Our Lady of Pity and St Simon Stock, Putney[27] 1906 Commenced by J C Radford and completed by Walters
St Mary of the Angels, Canton, Cardiff[28] 1907 Style: Romanesque revival; consecrated 30 October 1907
Church of St Anselm and St Cecilia, Lincoln's Inn Fields[29] 1908–1909 On site of former Sardinian Chapel; style: Continental renaissance
Church of Our Lady of Lourdes, Ashby-de-la-Zouch 1910
Chapel at Wimbledon College[30] 1910
St Wilfred, Kennington Park[31] 1914–1915 Style: Perpendicular Gothic; damaged by bomb November 1940, restored 1948–49
St Tarcisius Church, Camberley[32] 1923–1924 Windows by Paul Woodroffe
Church of St Peter, Jewry Street Winchester[33] 1926
Church of Our Lady of Lourdes, Harpenden[34] 1928

References[edit]

  1. ^ a b c d e Scottish Architects website
  2. ^ The Return of the Benedictines to London, Ealing Abbey: 1896 to Independence by Rene Kollar, Burnes and Oates 1989, ISBN 0-86012-175-5, ps. 53 & 126
  3. ^ Sacred Church Heart, Wimbledon from British listed buildings retrieved 16 March 2014
  4. ^ Sacred Heart Wimbledon Church History
  5. ^ Douai Abbey website
  6. ^ Historic England. "Our Lady of Ransom Roman Catholic Church (1385905)". National Heritage List for England. Retrieved 22 October 2012. 
  7. ^ St John's Seminary website
  8. ^ English heritage review of diocesan churches
  9. ^ Catholic Churches of London by Dennis Evinson, p.205
  10. ^ Catholic Churches of London by Dennis Evinson, p.244
  11. ^ Catholic Churches of London by Dennis Evinson, p.225
  12. ^ Parish of Sacred Heart Church Petworth and Ss Anthony and George, Duncton
  13. ^ Catholic Churches of London by Dennis Evinson, p.219
  14. ^ Dorking from British History Online retrieved 1 May 2013
  15. ^ Diocese of Arundel and Brighton website
  16. ^ Granville Road & Eardley Road Conservation Area Appraisal July 2000, p.13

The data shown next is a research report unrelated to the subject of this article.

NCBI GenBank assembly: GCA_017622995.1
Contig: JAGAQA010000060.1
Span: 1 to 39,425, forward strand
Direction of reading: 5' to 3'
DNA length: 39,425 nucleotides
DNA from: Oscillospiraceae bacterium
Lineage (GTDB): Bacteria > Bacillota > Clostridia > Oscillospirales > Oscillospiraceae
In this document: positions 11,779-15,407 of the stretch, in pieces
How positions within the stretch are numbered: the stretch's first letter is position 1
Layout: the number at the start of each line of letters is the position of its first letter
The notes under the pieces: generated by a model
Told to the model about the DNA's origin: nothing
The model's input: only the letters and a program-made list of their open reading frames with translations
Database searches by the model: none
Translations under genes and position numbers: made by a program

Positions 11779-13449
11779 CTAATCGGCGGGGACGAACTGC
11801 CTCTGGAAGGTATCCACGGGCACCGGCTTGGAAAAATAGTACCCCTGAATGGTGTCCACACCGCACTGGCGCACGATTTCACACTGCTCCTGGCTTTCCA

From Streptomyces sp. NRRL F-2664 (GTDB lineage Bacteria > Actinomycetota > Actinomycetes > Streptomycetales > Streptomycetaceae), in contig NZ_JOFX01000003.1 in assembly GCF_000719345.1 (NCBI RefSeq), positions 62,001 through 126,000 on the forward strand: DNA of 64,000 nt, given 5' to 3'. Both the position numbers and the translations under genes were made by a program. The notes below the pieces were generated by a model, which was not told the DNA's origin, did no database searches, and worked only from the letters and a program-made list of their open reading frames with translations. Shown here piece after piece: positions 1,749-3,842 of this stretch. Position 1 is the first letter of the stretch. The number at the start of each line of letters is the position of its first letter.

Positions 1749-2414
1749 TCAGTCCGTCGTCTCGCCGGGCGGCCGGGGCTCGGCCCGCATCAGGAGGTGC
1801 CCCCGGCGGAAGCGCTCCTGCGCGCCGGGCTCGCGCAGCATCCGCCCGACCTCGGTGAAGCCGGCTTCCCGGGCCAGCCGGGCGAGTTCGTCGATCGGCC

17. ^ English heritage review of diocesan churches (including picture)
  18. ^ Catholic Churches of London by Dennis Evinson, p.226
  19. ^ East Grinstead town website
  20. ^ Catholic Churches of London by Dennis Evinson, p.184
  21. ^ English heritage review of diocesan churches
  22. ^ Catholic Churches of London by Dennis Evinson, p.232
  23. ^ Bridget Cherry and Nikolaus Pevsner (1983). The Buildings of England – London 2: South. London: Penguin Books. p. 519. ISBN 0 14 0710 47 7. 
  24. ^ British listed builindgs retrieved 16 March 2014
  25. ^ Godalming – St Edmund King and Martyr from English Heritage, retrieved 8 February 2015
  26. ^ Westgate-on-Sea Conservation Area Appraisal 2006, p.27
  27. ^ Catholic Churches of London by Dennis Evinson, p.249
  28. ^ Parish of St Mary website (with pictures)
  29. ^ Catholic Churches of London by Dennis Evinson, ps.85–87
  30. ^ Merton conservation areas, p. 212 (with picture)
  31. ^ Catholic Churches of London by Dennis Evinson, p.212
  32. ^ British listed buildings retrieved 7 February 2015
  33. ^ Hampshire Treasures, Vol 4 p. 48
  34. ^ Historic England. "Roman Catholic Church of Our Lady of Lourdes, and associated gate piers and railings, Rothamsted Avenue, Harpenden, Hertfordshire, AL5 2BZ  (Grade II) (1430712)". National Heritage List for England. Retrieved 31 May 2017. 

Bibliography[edit]